New 'no sugar before age 2' guidelines are already being mocked

Jan. 6, 2021

Most parents worry about their kids eating too many sweets, but new dietary guidelines put forth by the U.S. government may go too far for even the most health conscious moms and dads. The new recommendations for infants and toddlers call for a hard limit on sugar that, if followed, could spell the end of first birthday cakes, juice and treats from grandma.

The guidelines, which were created by the U.S. Department of Agriculture (USDA) and the Department of Health and Human Services (DHHS), suggest avoiding all added sugars in kids’ food until they’re at least 2 years old. After age 2, it’s recommended that less than 10% of total daily calories should come from added sugar. 

Other recommendations include more standard rules we’ve all seen before, such as feeding babies only breast milk or iron-fortified formula for the first six months of life and introducing “nutrient dense complementary foods” thereafter. 

While no one is arguing for giving kids unlimited candy and soda for every meal, many parents find the focus on banning sugar to be unreasonable. In the discussion on the CBS News Facebook page, parents criticized the rules around sugar as being overly rigid and unrealistic.

“No one is going to tell me that my grandchildren can’t have cakes or sweets,” one person writes. 

Another says it’s ridiculous to expect young kids to never have treats, especially during special occasions. “So, for first birthdays we're supposed to do what?“ they write. “Give them a piece of broccoli? Or maybe a ‘sugar-free’ cake that's full of chemicals? Nope. Let that baby have their smash cake, and enjoy!”

One person also points out that not everyone lives somewhere with access to healthy, sugar-free foods. “Guidelines are great, and if you have the income, you can do it,” they explain. “If you live in a food desert you end up eating what’s available, what fills you up and what’s cheap.”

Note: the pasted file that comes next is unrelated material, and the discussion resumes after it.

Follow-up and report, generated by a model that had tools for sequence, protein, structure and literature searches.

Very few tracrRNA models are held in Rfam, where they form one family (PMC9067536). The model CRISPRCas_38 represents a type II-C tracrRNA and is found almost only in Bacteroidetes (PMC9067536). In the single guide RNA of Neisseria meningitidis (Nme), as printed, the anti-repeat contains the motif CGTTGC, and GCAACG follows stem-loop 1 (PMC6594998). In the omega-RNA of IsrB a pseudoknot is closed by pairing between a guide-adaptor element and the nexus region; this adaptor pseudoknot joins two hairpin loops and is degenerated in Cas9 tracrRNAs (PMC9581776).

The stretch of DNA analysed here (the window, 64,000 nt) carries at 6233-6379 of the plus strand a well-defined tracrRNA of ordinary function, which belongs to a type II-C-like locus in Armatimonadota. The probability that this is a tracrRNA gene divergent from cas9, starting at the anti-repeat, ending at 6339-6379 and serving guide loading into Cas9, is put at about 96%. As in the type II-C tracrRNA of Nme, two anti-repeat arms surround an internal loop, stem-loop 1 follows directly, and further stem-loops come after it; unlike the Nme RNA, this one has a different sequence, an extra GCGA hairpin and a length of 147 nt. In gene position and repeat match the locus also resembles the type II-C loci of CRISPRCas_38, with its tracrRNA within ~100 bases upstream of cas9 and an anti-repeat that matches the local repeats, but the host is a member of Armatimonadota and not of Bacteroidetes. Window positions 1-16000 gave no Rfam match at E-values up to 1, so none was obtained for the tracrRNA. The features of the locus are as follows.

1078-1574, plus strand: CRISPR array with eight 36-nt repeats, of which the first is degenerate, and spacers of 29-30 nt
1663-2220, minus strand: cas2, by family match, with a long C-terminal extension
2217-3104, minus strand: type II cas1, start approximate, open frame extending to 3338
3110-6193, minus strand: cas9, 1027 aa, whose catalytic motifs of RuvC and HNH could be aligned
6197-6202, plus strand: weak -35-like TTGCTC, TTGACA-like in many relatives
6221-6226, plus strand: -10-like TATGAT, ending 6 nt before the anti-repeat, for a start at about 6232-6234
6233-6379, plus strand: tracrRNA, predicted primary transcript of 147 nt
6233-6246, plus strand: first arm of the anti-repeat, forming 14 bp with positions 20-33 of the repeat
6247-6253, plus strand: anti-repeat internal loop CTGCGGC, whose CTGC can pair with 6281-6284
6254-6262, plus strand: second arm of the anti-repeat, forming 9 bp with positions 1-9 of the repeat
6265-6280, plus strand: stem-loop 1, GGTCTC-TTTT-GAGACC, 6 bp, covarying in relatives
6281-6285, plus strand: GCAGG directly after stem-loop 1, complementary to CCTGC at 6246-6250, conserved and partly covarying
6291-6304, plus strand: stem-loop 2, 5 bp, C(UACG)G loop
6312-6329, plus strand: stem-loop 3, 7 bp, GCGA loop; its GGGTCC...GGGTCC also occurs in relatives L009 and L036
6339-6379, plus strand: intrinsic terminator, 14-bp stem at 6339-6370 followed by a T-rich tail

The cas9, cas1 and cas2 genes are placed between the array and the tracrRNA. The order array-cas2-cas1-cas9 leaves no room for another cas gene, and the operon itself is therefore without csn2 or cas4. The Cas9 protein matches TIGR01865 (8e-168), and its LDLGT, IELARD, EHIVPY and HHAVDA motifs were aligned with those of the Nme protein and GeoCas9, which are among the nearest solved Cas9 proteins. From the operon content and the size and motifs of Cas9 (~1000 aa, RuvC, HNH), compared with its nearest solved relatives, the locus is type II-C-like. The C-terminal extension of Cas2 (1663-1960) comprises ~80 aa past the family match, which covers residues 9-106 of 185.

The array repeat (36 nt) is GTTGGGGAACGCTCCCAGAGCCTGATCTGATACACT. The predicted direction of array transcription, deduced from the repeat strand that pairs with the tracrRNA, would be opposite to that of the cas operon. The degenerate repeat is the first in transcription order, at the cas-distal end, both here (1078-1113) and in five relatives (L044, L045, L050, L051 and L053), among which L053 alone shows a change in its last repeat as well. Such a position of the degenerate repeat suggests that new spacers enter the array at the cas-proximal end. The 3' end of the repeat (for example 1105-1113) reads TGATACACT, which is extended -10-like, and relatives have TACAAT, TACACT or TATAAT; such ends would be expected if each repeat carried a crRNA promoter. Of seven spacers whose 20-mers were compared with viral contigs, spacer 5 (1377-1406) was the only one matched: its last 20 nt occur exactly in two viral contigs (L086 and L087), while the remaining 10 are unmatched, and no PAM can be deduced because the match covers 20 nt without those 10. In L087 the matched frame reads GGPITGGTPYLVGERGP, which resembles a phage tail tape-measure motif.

Others are reminding the naysayers that a guideline or recommendation is not the same thing as a mandate. Parents can still choose to feed their kids whatever they want, regardless of what any agency advises. “Dietary guidelines are NOT a new concept,” one person writes. “Calm down. They are just that: guidelines. It doesn't say the military is going to storm your house and remove all your sugar.”

The average child gets about 17% of their calories from sugar each day, according to the American Academy of Pediatrics (AAP). About half of that comes from sugary drinks, like juice, soda or sports drinks. They’re also getting added sugar from unexpected sources, like ketchup and dressings, dried fruits, cereals and other snacks. Both the AAP and the American Heart Association recommended avoiding sugar for kids under 2 in 2016, long before the new U.S. dietary guidelines were complete. They also recommend limiting sugar to six teaspoons per day for kids over 2. 

The concern is that too much sugar consumption over time can put kids at risk for unhealthy weight gain, tooth decay, heart disease, high cholesterol, high blood pressure and type 2 diabetes. Plus, as the guidelines by the USDA and DHHS explain, “Early food preferences influence food and beverage choices late, and the science has evolved to focus on the importance of a healthy dietary pattern over time.”

Ultimately, it’s still up to each parent to decide what ends up in their child’s sippy cup or on their plate. At the very least, these guidelines are a good reminder to look at the big picture of kids’ overall health and diet and to do our best to offer them the widest possible range of yummy and nutritious foods — whether or not they still get the occasional cookie at grandma’s.

Tips and stories from parents and caregivers who’ve been there.

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